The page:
Xinyue Zhang --- Yanqing Jiang 
Abstract
|
Reference
|
XML
|
PubMed
|
Video
Statstics
PDF Download Open Access
Xinyue Zhang --- Yanqing Jiang  (2014). An Empirical Study of the Impact of Metro Station Proximity on Property Value in The Case of Nanjing, China. Asian Development Policy Review, 2(4): 61-71. DOI:
This paper analyzes the impact of metro station proximity on property value from both theoretical and empirical perspectives. Data on second-hand apartments within six kilometers of metro line 1 and 2 stations in Nanjing are used. Our empirical results show that metro station proximity has a positive partial effect on property value. The degree of impact diminishes with the increase of the distance. The extent of impact reaches the largest when the distance is less than five hundred meters, and is still remarkable when the distance is within two kilometers. The effect becomes insignificant when the distance is larger than two kilometers. Our empirical results also show that with the distance increasing, the extent of price variation is widened first, reaching a peak when the property is within one kilometer, and then decreases. In addition, metro station proximity in suburban areas is shown to have a higher positive impact on property value compared with metro station proximity in urban areas.

Contribution/ Originality
This study contributes in the existing literature by analyzing the impact of metro station proximity on property value from both theoretical and empirical perspectives, in the case of the city Nanjing, China.
  1. Alonso, W., 1964. Location and land use: Toward a general theory of land rent. Cambridge, MA: Harvard University Press.
  2. Bowes David, R. and R. Ihlanfeldt Keith, 2001. Identifying the impacts of rail transit stations on residential property values. Journal of Urban Economics, 50(1): 1-25.
  3. Brigham, E., 1965. The determinants of residential land values. Land Economics, 41(4): 325-334.
  4. Fujita, M., 1989. Urban economic theory. Cambridge: Cambridge University Press.
  5. Grass, R.G., 1992. The estimation of residential property values around transit station sites in Washington, D.C. Journal of Economics and Finance, 16(3): 139-146.
  6. Hansen, W.G., 1959. How accessibility shapes land use. Journal of American Institute of Planners, 25(2): 73-76.
  7. Kruk, R.V.D., 2001. Economic impact of wetland amenities: A special econometric analysis of the Dutch housing market. Unpublished Manuscript.
  8. Von Thu?nen, J., 1830. Der isolierte staat in Beziehung auf landwirschaft und nationalokonomie. Munich: Pflaum.

System of Payroll in the Public Sector Administration


Pages: 9-19
Find References

Finding References


System of Payroll in the Public Sector Administration

Search :
Google Scholor
Search :
Microsoft Academic Search
Cite
DOI: 10.18488/journal.107/2015.3.1/107.1.9.19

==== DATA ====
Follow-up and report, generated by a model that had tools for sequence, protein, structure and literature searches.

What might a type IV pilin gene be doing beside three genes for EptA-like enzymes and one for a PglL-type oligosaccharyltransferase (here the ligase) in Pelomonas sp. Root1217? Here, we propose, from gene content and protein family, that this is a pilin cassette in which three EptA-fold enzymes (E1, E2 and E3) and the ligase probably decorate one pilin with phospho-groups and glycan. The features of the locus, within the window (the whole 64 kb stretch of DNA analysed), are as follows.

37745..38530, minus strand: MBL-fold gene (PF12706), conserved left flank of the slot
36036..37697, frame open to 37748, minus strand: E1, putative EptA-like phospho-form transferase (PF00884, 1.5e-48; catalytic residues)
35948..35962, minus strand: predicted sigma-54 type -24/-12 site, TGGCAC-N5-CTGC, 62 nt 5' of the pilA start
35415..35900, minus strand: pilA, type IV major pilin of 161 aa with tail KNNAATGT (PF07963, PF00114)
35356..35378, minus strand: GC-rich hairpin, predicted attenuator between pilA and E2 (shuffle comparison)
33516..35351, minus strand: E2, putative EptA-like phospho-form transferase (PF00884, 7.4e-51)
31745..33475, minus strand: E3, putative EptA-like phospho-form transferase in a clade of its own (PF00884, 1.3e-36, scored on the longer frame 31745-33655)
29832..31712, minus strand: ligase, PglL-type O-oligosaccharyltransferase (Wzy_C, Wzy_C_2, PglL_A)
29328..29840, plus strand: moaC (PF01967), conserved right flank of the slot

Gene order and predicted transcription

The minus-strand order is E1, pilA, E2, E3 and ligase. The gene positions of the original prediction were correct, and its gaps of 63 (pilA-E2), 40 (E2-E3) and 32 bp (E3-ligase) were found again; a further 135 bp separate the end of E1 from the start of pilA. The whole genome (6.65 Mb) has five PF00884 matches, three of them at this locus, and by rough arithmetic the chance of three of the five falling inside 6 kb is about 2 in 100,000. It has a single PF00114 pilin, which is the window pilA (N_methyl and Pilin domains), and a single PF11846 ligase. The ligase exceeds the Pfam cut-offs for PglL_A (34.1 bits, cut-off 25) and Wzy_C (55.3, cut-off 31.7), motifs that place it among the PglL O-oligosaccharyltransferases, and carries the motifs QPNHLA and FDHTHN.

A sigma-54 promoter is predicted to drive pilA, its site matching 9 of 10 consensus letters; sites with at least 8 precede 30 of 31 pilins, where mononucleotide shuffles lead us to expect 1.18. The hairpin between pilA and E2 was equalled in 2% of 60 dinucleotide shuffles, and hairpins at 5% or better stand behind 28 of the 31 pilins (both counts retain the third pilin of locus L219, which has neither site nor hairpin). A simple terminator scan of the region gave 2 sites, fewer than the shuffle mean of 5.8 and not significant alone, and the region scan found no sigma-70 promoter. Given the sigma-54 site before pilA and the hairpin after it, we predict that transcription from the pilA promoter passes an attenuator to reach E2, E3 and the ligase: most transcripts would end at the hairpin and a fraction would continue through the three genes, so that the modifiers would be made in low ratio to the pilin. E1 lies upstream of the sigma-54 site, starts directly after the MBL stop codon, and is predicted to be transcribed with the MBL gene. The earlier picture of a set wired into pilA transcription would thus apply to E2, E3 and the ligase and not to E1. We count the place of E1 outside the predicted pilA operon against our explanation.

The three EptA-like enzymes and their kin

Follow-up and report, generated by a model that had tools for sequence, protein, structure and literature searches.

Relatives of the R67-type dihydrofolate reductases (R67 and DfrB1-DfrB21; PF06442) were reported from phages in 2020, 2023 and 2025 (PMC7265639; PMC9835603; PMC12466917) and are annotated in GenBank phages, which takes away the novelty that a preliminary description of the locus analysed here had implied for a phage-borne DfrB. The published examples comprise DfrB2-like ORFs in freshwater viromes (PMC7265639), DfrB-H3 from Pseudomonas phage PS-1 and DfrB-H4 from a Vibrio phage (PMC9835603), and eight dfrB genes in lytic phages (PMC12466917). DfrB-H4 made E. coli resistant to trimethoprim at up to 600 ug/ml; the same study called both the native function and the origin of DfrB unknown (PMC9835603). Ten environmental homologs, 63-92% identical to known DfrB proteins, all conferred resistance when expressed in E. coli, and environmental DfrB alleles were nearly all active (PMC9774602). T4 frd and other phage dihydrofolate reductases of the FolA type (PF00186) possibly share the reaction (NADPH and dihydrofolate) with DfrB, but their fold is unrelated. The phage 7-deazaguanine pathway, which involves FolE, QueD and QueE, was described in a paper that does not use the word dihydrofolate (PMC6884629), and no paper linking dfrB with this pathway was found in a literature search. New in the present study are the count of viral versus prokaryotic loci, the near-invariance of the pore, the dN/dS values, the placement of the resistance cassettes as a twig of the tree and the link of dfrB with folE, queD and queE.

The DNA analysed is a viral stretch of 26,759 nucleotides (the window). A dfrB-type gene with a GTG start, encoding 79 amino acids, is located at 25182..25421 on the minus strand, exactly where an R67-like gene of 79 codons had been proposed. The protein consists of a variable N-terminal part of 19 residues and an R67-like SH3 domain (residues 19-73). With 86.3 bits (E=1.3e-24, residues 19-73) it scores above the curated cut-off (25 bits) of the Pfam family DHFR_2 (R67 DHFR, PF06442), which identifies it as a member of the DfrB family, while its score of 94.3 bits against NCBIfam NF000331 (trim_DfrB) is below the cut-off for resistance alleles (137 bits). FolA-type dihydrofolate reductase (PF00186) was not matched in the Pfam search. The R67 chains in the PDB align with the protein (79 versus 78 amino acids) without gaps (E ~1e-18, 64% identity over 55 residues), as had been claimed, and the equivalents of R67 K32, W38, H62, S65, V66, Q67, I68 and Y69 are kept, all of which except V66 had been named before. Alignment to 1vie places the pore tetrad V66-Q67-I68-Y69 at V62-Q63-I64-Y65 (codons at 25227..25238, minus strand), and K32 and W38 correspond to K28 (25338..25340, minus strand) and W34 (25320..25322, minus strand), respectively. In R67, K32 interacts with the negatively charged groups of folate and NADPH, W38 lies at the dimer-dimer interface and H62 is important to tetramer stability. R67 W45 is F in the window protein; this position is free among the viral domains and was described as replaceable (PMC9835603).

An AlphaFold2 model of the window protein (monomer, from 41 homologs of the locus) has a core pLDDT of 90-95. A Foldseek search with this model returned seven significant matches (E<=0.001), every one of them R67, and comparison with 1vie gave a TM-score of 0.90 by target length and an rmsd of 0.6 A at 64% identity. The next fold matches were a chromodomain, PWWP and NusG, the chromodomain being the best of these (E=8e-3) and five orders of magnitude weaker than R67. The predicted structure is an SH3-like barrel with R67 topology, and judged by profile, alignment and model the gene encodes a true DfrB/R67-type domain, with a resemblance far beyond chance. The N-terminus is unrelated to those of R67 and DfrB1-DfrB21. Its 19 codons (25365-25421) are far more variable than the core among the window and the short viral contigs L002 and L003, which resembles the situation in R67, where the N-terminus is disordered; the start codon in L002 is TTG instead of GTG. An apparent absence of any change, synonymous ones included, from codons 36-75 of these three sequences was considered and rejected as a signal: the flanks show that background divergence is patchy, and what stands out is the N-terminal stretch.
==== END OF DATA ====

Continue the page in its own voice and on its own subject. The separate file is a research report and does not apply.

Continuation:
Citation: 0
Export to    BibTeX   |   EndNote   |   RIS

Musa Success Jibrin --- Success Blessing Ejura --- Nwaorgu Innocent Augustine 
Abstract
|
Reference
|
XML
|
PubMed
|
Video
Statstics
PDF Download Open Access
Musa Success Jibrin --- Success Blessing Ejura --- Nwaorgu Innocent Augustine  (2015). System of Payroll in the Public Sector Administration. Asian Development Policy Review, 3(1): 9-19. DOI: 10.18488/journal.107/2015.3.1/107.1.9.19
Salary payments in the public sector administration are a key to service success, performance effectiveness and efficiency. Be that as it may, this write up was painstakingly tailored to lay much emphasis on the importance of labour and wages in the public sector management. Pay roll system in the public sector administration lays emphasis on productivity and prompts remunerations. In going about these various payroll preparation methods purported efforts were made to demonstrate how far adoptable the system are in bringing about effective and efficient salaries and wages administration in the public sector. Various outstanding remuneration literatures were reviewed and far reaching observations were advanced to do justice to the subject matter. However, a lot still beckons salaries wages scholars to lend their voices for the larger benefit of man.

Contribution/ Originality

  1. Armstrong, M., 2000. Feel the width (Broadbanding). People Management, CIPD: London, 6(3): 34-38.
  2. Armstrong, M. and H. Murlis, 2005. Reward management – a handbook of remuneration strategy and practice. 5th Edn., London: Kogan Page.
  3. Armstrong, M. and T. Stephens, 2005. A handbook of employee reward management and practice. Kogan Page: London Armstrong M, and Brown D, (2001) New Dimensions in Pay Management, CIPD: London.
  4. Dangana, E.A. and I.S. Dongs, 2011. Managing people in the public sector for effective service delivery, journal of public administration. Anyigba, Kogi State, Nigeria: Kogi State University.